Last night, Carol and I decided to watch an episode of “The Mighty Boosh,” the British cult TV show, as a way to relax before we went to bed. We put the laptop computer on a chair and settled back on the couch to watch. But although we have access to the most recent episodes, from the third season just now being released in Britain, we decided not to watch them. As happens to too many television series, the characters have now shrunk into crude caricatures of what they originally were.
Carol pointed out that this happened with “Sex and the City”: in the first season, she said you could almost believe that these were real women talking to one another, but as the show progressed they looked more and more like caricatures. We agreed that the same thing happened with “Will and Grace”: in the first couple of seasons, the four lead actors did some wonderful, fresh, spontaneous ensemble acting; but as time went on, the acting got stale, and by the last few seasons the show had become hard to watch. As for “The Mighty Boosh,” by the third season, you can no longer believe that the two lead characters would ever be friends or even spend any time together, and so the whole premise of the show becomes unbelievable. In each case, the characters became what I think of as “TV zombies”: they move around and talk to one another and almost look alive, but inside they are dead and rotting away. John Cleese did the right thing when he pulled the plug on “Fawlty Towers” after only twelve episodes; it would have been almost impossible to keep the characters and their interactions alive and fresh, and what a zombie horror that show could have become had it continued.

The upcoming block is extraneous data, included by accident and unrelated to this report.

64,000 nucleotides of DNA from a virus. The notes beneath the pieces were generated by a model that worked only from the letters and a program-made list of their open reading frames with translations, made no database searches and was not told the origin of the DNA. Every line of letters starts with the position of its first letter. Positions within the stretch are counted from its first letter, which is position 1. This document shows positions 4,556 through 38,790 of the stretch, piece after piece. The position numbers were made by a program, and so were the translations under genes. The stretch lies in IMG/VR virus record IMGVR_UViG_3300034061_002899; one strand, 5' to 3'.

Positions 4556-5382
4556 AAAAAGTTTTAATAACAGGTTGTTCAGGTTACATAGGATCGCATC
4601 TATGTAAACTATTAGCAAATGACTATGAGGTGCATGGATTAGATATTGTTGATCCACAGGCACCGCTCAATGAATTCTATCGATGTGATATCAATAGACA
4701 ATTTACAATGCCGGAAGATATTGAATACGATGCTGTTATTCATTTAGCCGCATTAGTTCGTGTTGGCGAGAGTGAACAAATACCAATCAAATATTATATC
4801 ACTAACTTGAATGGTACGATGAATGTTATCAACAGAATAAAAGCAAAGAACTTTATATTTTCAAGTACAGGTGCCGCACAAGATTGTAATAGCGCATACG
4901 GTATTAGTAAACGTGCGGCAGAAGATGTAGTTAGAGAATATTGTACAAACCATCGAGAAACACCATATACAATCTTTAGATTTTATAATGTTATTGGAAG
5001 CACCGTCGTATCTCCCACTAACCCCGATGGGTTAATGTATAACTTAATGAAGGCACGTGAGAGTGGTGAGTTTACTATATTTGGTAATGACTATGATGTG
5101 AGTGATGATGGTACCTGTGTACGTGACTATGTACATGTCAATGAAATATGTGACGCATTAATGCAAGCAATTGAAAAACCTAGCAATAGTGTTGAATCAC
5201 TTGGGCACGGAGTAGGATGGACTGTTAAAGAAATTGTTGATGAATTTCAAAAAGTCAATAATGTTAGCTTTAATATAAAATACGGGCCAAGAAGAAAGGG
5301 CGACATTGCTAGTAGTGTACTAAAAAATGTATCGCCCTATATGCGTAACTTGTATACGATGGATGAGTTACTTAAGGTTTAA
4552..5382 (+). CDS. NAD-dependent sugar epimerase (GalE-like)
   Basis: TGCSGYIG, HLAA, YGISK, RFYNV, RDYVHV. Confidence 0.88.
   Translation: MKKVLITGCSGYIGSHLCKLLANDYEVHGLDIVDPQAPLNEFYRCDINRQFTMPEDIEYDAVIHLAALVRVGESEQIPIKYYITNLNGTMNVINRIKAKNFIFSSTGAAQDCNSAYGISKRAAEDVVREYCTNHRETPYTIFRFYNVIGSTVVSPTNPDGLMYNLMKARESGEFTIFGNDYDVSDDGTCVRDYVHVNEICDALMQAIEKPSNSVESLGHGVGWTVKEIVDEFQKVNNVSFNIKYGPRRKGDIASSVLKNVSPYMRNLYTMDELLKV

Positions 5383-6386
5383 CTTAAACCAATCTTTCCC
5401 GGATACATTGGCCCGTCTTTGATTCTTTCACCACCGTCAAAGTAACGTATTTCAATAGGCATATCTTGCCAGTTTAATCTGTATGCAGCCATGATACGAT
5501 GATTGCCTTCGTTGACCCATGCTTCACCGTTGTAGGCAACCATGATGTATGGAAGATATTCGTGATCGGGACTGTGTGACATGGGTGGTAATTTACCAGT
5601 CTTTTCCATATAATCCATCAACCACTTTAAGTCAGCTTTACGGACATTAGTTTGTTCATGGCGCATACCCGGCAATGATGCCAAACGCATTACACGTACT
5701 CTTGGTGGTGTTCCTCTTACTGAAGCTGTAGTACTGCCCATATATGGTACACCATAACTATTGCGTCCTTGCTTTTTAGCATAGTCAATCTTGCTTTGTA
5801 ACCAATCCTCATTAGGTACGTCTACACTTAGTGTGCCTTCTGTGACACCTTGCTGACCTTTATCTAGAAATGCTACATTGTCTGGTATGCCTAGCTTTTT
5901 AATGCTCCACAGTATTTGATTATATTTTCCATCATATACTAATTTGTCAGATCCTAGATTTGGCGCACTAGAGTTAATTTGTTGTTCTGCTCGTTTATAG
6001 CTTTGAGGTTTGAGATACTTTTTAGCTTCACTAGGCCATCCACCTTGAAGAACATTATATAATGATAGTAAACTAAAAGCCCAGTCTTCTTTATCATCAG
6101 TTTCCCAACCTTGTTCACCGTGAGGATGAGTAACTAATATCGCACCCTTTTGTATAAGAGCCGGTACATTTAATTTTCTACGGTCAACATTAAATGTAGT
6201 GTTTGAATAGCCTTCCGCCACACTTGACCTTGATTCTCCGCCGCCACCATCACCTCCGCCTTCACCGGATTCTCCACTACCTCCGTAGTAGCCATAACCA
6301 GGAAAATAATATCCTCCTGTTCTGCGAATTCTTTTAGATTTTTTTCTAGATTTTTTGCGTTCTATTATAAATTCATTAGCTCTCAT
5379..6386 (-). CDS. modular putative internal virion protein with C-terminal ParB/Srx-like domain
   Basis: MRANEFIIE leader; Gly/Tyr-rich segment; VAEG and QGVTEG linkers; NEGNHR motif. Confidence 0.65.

So Carol and I watched an episode from the first season of “The Mighty Boosh.” No stink of death then; the old shows remain delightfully free from TV zombies.
There are parallels to preachers here — preachers need to keep reinventing themselves on a regular basis to keep from turning into preaching zombies — but that’s kind of close to home for me, and, not wanting to be tarred with my own brush, I really don’t want to go there right now.